Mandatory Helmet Laws May Make Matters Worse

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From a young age, most of us are taught to wear a helmet while riding a bicycle. Wearing a helmet is a direct safety measure that can prevent concussions and other serious head injuries from occurring in the event of a crash. While wearing a bike helmet should be encouraged, recent findings have shown that having legislation requiring helmets to be mandatory rather than voluntary has proven to have negative effects, particularly within certain populations.

Background of Bicycle Helmet Use

In 2019, the National Transportation Safety Board (NTSB) recommended that all 50 states in the US adopt laws mandating adult bicycle helmet use. Certain organizations including Transportation Alternatives and Families for Safe Streets have opposed this recommendation, stating that a mandatory helmet law could actually make the streets less safe for bicyclists. While it is important that cyclists take safety precautions and wear helmets, when we look at the bigger picture, mandatory helmet usage laws can produce negative outcomes for bicyclists.

The Safety in Numbers Effect

When cities have mandatory helmet laws for cyclists, the effect has typically been a reduced number of cyclists on the street. One example of this was in the Australian cities of Melbourne and Brisbane. When they required helmet use by law, the number of people riding bikes dropped significantly. When the number of cyclists decreases, this also reduces the “Safety in Numbers” effect, or that a higher number of bicyclists creates safer conditions on the streets. When there are fewer bike riders, accidents may be more likely to happen.

Financial Struggles for Bike Sharing Systems

A mandatory helmet law also has been found to negatively affect publicly-funded bike sharing systems that have become popular in many US cities. After helmet requirements were implemented in Seattle, Washington, their publicly-funded bike share system, Pronto, folded under financial pressure. Bike sharing systems are important for reducing air pollution, and also provide a more affordable means of transportation to people in cities, as an alternative to ridesharing with companies like Uber or Lyft. By mandating helmet laws, there are less people using these bike sharing systems, and in turn, less funding for them.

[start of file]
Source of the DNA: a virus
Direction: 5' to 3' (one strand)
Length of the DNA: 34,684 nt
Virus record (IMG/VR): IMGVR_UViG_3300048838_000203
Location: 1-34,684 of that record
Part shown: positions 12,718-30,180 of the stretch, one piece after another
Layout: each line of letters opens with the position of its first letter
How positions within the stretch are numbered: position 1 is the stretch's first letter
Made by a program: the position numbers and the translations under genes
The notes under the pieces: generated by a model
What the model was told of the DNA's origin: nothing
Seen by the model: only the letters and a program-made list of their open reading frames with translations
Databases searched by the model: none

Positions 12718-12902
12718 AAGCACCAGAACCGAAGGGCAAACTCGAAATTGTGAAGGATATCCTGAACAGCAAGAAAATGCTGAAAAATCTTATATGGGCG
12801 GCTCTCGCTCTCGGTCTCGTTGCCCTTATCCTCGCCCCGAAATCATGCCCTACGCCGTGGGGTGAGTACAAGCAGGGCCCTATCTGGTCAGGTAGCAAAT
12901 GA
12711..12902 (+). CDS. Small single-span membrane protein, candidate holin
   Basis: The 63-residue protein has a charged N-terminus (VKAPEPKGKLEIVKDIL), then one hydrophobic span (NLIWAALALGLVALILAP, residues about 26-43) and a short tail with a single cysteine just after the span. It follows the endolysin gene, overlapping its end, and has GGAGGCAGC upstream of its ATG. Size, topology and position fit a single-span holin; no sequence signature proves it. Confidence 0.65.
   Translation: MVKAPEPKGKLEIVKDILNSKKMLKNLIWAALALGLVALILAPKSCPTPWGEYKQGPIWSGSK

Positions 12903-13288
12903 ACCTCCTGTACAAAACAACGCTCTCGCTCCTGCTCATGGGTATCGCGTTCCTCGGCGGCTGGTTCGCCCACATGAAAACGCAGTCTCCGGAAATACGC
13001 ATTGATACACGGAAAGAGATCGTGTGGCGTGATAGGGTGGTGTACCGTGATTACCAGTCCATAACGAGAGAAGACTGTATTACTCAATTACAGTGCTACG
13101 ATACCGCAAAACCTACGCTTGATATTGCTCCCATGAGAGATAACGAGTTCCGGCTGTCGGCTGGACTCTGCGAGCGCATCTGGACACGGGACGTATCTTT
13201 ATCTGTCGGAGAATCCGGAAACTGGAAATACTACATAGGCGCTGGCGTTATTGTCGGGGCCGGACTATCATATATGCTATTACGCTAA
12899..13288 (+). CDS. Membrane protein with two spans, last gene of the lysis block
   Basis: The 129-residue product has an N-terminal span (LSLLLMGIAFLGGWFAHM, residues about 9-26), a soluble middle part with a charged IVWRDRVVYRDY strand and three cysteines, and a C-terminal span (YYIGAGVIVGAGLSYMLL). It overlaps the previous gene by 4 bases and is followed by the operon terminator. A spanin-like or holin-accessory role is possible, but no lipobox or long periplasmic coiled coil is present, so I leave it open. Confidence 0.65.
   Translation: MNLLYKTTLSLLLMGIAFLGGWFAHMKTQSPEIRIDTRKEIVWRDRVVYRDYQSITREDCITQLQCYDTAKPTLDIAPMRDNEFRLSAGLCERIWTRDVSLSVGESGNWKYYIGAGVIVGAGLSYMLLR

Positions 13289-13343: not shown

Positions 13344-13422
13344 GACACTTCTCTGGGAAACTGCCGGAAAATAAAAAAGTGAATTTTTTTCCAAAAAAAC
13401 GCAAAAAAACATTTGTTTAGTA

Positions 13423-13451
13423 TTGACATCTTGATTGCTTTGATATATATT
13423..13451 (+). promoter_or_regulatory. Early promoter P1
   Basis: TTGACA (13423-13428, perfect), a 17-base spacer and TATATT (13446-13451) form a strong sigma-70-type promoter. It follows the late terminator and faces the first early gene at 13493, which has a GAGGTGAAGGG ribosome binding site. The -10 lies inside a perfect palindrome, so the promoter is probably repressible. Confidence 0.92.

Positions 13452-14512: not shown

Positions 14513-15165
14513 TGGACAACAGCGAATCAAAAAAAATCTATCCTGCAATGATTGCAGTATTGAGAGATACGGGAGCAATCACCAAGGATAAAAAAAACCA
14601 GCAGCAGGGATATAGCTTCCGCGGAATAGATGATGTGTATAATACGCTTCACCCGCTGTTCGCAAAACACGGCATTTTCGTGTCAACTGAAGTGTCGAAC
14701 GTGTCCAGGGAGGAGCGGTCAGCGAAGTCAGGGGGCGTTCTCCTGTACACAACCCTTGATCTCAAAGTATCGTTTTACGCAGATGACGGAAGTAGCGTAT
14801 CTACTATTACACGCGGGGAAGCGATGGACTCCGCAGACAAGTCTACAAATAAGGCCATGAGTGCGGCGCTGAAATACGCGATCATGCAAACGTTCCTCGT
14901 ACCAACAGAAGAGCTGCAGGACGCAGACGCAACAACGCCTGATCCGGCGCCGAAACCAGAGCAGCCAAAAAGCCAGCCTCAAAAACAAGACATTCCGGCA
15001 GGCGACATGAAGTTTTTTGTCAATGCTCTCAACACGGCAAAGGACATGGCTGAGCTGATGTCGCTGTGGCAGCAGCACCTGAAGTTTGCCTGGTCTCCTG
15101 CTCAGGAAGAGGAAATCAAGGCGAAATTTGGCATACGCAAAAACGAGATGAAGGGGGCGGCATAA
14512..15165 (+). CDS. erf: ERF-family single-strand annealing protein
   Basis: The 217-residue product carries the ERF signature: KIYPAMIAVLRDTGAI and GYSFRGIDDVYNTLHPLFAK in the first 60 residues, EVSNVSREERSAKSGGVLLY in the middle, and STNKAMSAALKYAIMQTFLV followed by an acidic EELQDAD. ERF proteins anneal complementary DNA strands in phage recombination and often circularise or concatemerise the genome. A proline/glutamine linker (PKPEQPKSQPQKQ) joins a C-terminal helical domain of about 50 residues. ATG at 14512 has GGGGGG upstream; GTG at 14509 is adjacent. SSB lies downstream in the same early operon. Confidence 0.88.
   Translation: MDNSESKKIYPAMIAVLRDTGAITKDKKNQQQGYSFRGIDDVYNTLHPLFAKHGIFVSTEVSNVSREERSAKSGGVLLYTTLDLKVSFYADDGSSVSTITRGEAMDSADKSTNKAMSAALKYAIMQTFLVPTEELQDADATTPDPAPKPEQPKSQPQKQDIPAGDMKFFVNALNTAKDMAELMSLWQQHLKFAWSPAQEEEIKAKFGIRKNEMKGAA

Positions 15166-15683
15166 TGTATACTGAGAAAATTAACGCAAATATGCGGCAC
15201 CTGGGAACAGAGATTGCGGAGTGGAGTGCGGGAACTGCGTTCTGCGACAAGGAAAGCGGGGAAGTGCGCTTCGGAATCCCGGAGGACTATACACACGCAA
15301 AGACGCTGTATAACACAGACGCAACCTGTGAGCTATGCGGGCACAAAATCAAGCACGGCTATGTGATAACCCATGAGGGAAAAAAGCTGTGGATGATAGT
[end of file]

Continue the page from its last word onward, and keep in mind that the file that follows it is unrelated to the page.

“While mandating helmet laws may seem like a good idea at first, we have seen that the impact of these mandates unfortunately does not lead to safer streets for cyclists.” said Attorney Jim Hurley of Cooper Hurley Injury Lawyers. “It is always good to wear a helmet when riding a bike, but this example of mandating helmet usage is a prime example of how laws can sometimes not line up with the realities of the world, thus resulting in more harm than good.”

Higher Risk for Vulnerable Populations

In addition to a decrease in accessibility to transportation for lower income citizens, these helmet laws and other “quality of life” laws are disproportionately  enforced upon communities of color and lower income. Mandatory helmet laws were either changed or repealed in Austin and Dallas, Texas, after it was found that there were alarming racial disparities in who was being ticketed for not wearing a helmet while riding their bike. There are many more instances of the same occurrences in cities that had enforced helmet-wearing like in Tampa, Florida, and New York City. In general, having these mandates increases exposure to unnecessary interactions with police and law enforcement among vulnerable populations.

How to Move Forward

Unfortunately, it has been proven that mandatory helmet laws do not lead to their main goal of making streets and communities safer. There have been a growing number of cases in which the opposite is true for various reasons in different cities across the US. A better alternative moving forward would be to encourage voluntary helmet use, rather than mandatory, and to focus more on structural reforms like redesigning and expanding streets, which has been proven to create safer public spaces for bicyclists and others on the road. 

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